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Dead track sure way to kill Test cricket

india Updated: Nov 20, 2009 23:24 IST
Pradeep Magazine

It was a match that promised a lot. Its opening day had all those dramatic twists and turns which make Test cricket such a fascinating spectacle to watch. First, wickets got knocked out of the ground as batsmen succumbed to the seam and movement of the ball and their own indiscretions. Then, we watched an awesome counterattack which restored the balance in favour of the batsmen. What made the contest even more gripping was the rapidity with which the wickets fell and then the galloping pace with which runs were scored.

Five days later, this Test match lies buried under mounds of runs, records and centuries. It sure helped batsmen to multiply their averages but made a sucker of the fan and reduced bowlers to tears. What a sad advertisement for Tests, which we all fear is a dying form and the last thing it needs is meaningless contests like the Ahmedabad Test that test the patience of the fan and makes bowlers wonder are they needed at all?

It almost seems like there is a conspiracy to finish Test cricket in India. For the administrators it seems to be an unwarranted burden and the sooner it dies the better for them, so that they can expand and enlarge their IPL and Champions League events.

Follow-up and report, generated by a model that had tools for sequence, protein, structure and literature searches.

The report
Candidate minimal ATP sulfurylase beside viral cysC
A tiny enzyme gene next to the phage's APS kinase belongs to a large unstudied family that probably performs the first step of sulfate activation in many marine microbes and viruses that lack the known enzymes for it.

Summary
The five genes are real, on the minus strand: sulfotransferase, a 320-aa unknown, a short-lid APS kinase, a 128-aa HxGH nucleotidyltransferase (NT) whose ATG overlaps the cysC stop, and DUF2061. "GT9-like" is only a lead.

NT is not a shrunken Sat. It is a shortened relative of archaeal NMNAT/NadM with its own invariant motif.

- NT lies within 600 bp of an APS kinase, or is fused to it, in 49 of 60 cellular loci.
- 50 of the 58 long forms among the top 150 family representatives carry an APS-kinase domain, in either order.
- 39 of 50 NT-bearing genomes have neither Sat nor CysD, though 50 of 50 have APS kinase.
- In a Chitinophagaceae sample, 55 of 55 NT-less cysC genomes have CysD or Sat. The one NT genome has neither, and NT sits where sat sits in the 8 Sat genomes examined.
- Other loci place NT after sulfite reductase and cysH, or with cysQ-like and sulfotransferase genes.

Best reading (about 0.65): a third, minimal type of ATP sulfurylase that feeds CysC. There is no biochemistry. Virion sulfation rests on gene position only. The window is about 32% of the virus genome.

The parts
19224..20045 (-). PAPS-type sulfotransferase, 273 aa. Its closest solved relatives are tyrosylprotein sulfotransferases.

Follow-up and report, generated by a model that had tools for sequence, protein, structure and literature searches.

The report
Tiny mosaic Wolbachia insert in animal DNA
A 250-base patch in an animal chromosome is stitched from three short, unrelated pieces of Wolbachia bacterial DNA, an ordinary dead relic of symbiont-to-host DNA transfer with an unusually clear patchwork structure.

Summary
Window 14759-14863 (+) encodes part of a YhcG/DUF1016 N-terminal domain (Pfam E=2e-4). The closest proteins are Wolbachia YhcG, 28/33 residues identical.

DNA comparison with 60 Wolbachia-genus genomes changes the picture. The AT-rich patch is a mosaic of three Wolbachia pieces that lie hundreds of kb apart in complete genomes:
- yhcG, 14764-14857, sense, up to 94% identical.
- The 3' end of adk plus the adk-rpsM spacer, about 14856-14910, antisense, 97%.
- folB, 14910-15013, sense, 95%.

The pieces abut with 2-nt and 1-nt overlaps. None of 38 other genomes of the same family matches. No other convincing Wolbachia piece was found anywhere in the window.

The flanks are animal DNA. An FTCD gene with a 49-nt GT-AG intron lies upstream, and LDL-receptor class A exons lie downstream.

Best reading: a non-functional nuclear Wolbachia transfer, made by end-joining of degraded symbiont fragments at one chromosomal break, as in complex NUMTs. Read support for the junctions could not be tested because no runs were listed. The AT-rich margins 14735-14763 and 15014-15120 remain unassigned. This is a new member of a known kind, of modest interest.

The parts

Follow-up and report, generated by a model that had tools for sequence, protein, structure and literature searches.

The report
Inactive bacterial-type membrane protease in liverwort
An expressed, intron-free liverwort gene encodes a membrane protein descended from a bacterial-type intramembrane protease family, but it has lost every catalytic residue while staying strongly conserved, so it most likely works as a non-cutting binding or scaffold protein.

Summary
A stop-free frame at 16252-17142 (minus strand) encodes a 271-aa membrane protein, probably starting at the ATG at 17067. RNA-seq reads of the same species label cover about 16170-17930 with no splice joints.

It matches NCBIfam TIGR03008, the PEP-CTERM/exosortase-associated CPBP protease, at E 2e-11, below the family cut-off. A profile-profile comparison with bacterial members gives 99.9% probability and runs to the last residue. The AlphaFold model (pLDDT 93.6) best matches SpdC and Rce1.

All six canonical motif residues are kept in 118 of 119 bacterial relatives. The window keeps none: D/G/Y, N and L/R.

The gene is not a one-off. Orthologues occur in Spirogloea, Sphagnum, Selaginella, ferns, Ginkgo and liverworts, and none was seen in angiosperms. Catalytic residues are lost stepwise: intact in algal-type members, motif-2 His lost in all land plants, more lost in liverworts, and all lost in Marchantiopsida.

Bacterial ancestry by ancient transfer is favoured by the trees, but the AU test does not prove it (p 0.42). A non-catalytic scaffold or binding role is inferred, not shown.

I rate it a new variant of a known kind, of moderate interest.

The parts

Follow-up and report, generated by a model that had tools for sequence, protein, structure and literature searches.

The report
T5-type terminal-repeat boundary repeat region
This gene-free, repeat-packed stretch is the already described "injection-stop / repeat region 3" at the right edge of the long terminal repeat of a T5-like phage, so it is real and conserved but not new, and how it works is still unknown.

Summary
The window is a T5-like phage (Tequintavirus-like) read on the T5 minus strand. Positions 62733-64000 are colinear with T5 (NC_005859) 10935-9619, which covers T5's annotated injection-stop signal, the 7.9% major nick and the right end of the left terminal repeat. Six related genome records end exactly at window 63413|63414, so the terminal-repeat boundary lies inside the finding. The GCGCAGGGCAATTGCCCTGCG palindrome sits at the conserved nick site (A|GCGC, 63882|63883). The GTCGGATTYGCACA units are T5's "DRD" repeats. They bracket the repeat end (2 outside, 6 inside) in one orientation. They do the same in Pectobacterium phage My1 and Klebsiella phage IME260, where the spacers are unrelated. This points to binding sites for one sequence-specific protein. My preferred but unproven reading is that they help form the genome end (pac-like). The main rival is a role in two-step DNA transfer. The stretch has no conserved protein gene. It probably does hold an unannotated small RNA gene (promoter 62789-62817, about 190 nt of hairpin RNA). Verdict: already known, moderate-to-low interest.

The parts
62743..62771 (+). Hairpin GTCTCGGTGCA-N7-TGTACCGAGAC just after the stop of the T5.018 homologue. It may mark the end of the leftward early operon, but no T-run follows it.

If this seems farfetched then why should India be playing a Test match after a gap of almost a year? And, knowing that spectator interest is waning, why should a Test be scheduled from Monday to Friday, leaving out the weekends that draw crowds for obvious reasons?

But what is hurting Tests the most are wickets which are designed to give bowlers sleepless nights and make batsmen score at will, leaving no scope for an even contest. We have seen what thrilling series Australia and England played recently, drawing crowds not only at the grounds but even hooking fans to TV screens across the cricketing globe.

Instead of making the five-day game more viewer-friendly it is a shame that the richest board in the world chooses to roll out a featherbed which will only strengthen the argument of those who say Test cricket has no future. That is why one almost sees the board's complicity in ignoring these vital aspects of the game. They call themselves marketing wizards, but when it comes to Tests, they just treat it like an orphaned child whom no one wants to own.

On the opening day, Rahul Dravid had played a gem of an innings, his finest in the last couple of years, to extricate India from a difficult situation. On the final day, Tendulkar celebrated his 20 years in Test cricket with a hundred. But what would sadden and hurt them the most is the way the Indian Board is allowing Tests to die a slow death.